So what went on? We came to the UN headquarters in New York to try to learn exactly who gave this permission for the gun refurbishment, and what form it took. Britain is one of the five permanent members of the Security Council, and has always insisted it has acted correctly over issues like Western Sahara, not selling weapons to either side for use in the conflict. Now it's accused of breaking its own rules and hiding behind the UN in justifying its actions. It seems that the British team went to considerable lengths to obtain the agreement they sought. According to the Foreign Office, there were seven meetings here between 1st February 1999 and June 21st 1999, when the British team finally sent a telex back to the Foreign Office on an agreement they said they'd reached with the UN Department of Peace Keeping Operations - DPKO - and with Minurso, the UN mission in Western Sahara. It read:
"UN Secretariat confirm refurbishment of guns would not violate the cease-fire agreement. The DPKO finally confirmed on 21 June that Minurso would be allowed to supervise the withdrawal and replacement of Moroccan 105mm guns along the Berm." Yet the DPKO the UN Peace-Keeping Department say there's no paper work to back this up, and that discussions only took place at desk officer level. They say refurbishment does not contravene cease-fire agreements, but the UN did not grant permission.

DAVID WIMHURST:
It's not a question of us giving permission or approval, it's not something we can do. We can simply tell them that yes it violates or no it doesn't violate the agreement. That was the extent of the information we passed on.

REPORTER:
But the implication from the telex they sent was that they checked with you and it was all okay, it was very much they had to check with you and get permission and then that was all right with them?

DAVID WIMHURST:
UN PEACEKEEPING
Well that's an interpretation, they certainly checked with us, but...

REPORTER:
But to say they got permission was a wrong way of putting it?

DAVID WIMHURST:
There was no question of permission being sought or given.

ROBIN DENSELOW:
There are other sections of the telex that are disputed by the UN:
"The legal department advised that there would be no violation of the cease-fire for the refurbishment or replacement of the same type of weapons or equipment as long as Minurso's agreement was sought." Hans Correll, the head of the UN's legal department, told Newsnight his department was never consulted.

REPORTER:
According to the British telex, your legal department advised there'd be no violation of the cease-fire. Do you know who in the legal department gave that advice?

DAVID WIMHURST:
No I don't, nor do we have any recollection of that sort of formal request being made.

REPORTER:
So when it says your legal department, you have no actual record of your legal department being consulted on this at all?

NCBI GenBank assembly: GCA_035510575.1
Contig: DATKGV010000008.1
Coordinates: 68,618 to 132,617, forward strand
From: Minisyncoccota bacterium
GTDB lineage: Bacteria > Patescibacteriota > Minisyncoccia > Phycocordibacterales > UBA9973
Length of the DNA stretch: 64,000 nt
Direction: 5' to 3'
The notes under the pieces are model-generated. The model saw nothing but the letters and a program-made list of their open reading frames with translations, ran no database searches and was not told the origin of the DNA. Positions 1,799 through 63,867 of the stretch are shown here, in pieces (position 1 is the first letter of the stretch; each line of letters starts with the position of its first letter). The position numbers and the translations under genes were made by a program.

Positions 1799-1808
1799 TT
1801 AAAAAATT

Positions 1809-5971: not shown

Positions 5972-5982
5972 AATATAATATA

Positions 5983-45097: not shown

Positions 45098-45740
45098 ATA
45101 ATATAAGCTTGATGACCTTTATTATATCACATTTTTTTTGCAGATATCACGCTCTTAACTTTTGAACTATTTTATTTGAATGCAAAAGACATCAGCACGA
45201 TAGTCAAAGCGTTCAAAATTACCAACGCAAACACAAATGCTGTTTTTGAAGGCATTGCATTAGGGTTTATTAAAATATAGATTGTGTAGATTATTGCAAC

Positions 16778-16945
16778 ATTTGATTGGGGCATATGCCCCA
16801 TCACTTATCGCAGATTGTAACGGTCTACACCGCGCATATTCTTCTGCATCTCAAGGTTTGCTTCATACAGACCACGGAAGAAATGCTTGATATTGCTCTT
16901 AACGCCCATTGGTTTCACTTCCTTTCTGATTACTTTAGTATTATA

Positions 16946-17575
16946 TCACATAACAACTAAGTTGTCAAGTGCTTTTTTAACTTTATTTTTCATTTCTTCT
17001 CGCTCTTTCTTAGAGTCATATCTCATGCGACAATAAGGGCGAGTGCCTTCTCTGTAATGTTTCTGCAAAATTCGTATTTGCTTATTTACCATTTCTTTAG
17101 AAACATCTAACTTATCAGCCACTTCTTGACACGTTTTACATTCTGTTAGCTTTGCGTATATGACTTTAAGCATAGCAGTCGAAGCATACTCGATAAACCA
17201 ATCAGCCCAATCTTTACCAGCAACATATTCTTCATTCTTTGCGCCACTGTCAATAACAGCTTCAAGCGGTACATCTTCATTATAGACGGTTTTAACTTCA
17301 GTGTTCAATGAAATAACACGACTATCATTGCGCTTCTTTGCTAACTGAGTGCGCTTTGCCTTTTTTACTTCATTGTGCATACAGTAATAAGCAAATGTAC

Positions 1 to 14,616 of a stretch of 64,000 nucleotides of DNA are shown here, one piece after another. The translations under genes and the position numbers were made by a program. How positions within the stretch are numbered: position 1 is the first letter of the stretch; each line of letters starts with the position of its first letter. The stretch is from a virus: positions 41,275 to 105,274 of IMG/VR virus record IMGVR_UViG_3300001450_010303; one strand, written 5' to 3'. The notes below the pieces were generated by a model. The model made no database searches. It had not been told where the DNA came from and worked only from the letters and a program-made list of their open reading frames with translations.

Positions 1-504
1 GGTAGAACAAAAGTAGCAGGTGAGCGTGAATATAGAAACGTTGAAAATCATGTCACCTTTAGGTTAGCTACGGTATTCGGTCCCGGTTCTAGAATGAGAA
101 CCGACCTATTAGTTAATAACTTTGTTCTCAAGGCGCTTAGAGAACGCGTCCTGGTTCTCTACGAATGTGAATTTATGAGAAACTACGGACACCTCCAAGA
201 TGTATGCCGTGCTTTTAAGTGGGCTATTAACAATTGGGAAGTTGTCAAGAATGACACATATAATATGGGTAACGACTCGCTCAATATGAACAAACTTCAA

DAVID WIMHURST:
No not the office of the legal advisor no.

REPORTER:
It's all very vague isn't it? There's another line here that DPKO confirms that Minurso would be allowed to supervise the withdrawal and replacement of the guns. Yes?

DAVID WIMHURST:
Er, I wouldn't use the word supervise. That's not our function or role. Our role would be to observe or monitor activities within the zones to which we have access.

ROBIN DENSELOW:
And there's further confusion. According to the Foreign Office they'd already reached a preliminary view that refurbishment was not a violation of the cease-fire in Western Sahara in 1998, after contacts with the UN mission Minurso "in the region". But that's news to Ambassador Charles Dunbar, the UN special representative in charge of Minurso.

AMBASSADOR CHARLES DUNBAR:
UN SPECIAL REPRESENTATIVE 1997-1999
I had no knowledge of that until I read about it in the Press recently that there was a storm had broken over it.

REPORTER:
So no-one ever approached you from the British side or the UN saying what do you think of this?

CHARLES DUNBAR:
No, never.

REPORTER:
And if they had done, would you have agreed that refurbishment was within Minurso's remit?

CHARLES DUNBAR:
I would have definitely asked New York for an opinion. I of course would have consulted with the force Commander because these kinds of issues simply didn't happen to come up when I was there, that sort of issue with the military.

ROBIN DENSELOW:
The UN force commander at time said he was never consulted on the deal by either the UN or the British. But there was one request on refurbishment, from the Moroccans. Despite its professed neutrality, and despite its commitments under the EU Code of Conduct, Britain granted licences for the guns' refurbishment, but not for new gun sales. The Government defended its actions in Parliament by claiming that the UN gave them "permission" to license the deal - a claim the UN now disputes. In a statement to Newsnight today, the Foreign Office says:
"This export licence was at all stages considered against the criteria of the EU Code Of Conduct." It's the fact that the Government thought the deal contravened the code first time round, but not the second, when nothing had changed, that worries some.

TESSA KINGHAM:
I don't see how this could fit comfortably with the EU code of conduct on arms sales. This is an embarrassment to Government. I'm deeply disturbed and ashamed that my Government has taken part in this.

REPORTER:
What do you think is behind all this?

TESSA KINGHAM:
It's more convenient for people to keep Morocco happy and not have the referendum go ahead than it is for them to support, to do their moral duty and allow this referendum to take place. For the last colony in Africa.

ROBIN DENSELOW:
And as for the Polisario, they warn that this refurbishment deal comes at a dangerous time. With no referendum after a decade, there's frustration among the Saharawi and talk of war.

BREICA LEHBIB:
The war can resume at any time. We don't like it. We are a small people and we now want peace for the Saharawis, we are for a peaceful solution. If it doesn't come, the Saharawis have to fight for their rights.

ROBIN DENSELOW:
So the guns, refurbished by Britain, could be back in action, against the Saharawi. Their supporters here are already seeking a possible judicial review on the Government's actions. In Parliament, the Select Committee on Strategic Export Controls is to report on the issue. The Government's "ethical foreign policy" is again under question.

JEREMY PAXMAN:
We asked the Foreign Office for an interview responding to all these points, but they were unable to provide one. They did, however, issue a statement in which they said, among other things, that the UN did confirm the Government's preliminary view that "refurbishment of the guns would not be in breach of existing military arrangements" that is, the cease-fire, and it goes on to say that the UN in the area "would be in a position to monitor the refurbishment". It also points out that there is no arms embargo against Morocco.